Destination Sunapee: Frosty Fun

  • You can ski down Mount Sunapee or Ragged Mountain. Courtesy of Lake Sunapee Chamber

  • Sunapee Historical Society Sunapee Historical Society

  • Skiers make their way down one of the eight groomed trails open at Ragged Mountain in Danbury on Monday as the sun streaks through the trees. Ragged has two lift open with about 15 percent of the trails open. December 2017 Geoff Forester—Monitor file

  • Cross-country skiers explore New Hampshire’s many trails. Jovelle Tamayo / Valley News file

  • Children skate on the outdoor ice skating park along the Main Street of Newport, after they get out of school. Valley News file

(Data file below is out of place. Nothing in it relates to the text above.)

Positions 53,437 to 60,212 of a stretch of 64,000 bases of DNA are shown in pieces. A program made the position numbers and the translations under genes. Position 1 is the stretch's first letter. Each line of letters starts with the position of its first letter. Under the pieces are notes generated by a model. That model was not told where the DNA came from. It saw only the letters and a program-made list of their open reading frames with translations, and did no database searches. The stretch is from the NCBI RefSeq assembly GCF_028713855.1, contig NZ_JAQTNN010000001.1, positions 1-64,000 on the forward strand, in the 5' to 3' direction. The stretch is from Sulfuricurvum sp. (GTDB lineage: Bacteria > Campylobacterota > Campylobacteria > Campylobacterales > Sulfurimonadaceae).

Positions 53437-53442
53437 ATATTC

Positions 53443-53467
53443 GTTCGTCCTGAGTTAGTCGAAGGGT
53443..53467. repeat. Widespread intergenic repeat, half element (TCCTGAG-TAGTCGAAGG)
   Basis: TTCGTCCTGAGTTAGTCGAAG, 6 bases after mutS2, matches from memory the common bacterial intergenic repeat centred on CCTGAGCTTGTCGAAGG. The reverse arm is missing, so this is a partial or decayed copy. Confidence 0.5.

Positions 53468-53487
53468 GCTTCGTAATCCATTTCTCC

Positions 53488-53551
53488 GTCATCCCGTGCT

Monitor staff
Published: 6/22/2018 3:32:28 PM

Vacationing in the Sunapee area ballooned in the late 1800s to mid-1900s largely due to railway access and lakeside summer activities.

In fact, even when a lobbying effort succeeding in getting state money to build a tramway to the summit of Mount Sunapee
in 1941, it was not for winter skiing, but to carry summer visitors arriving on steamboats at Newbury Harbor, according to Richard Parker, a former Sunapee State Park manager who was interviewed for “Mt. Sunapee State Park: A Comprehensive History” in 1981. (That tram was never built after World War II broke out.)

Alpine skiing

These days, Sunapee offers many recreational pursuits in the winter, as well as summer.

That tramway funding was extended through the war and after a few technical details were worked out, in 1946, it was agreed on to build a single chairlift from the present-day Mount Sunapee Resort area to the north peak of the mountain for year-round use. Three ski trails were also constructed at that time. In 1948, Mount Sunapee Resort opened with the 3,300 foot North Peak single chair, three trails, two tow ropes and the North Peak Lodge.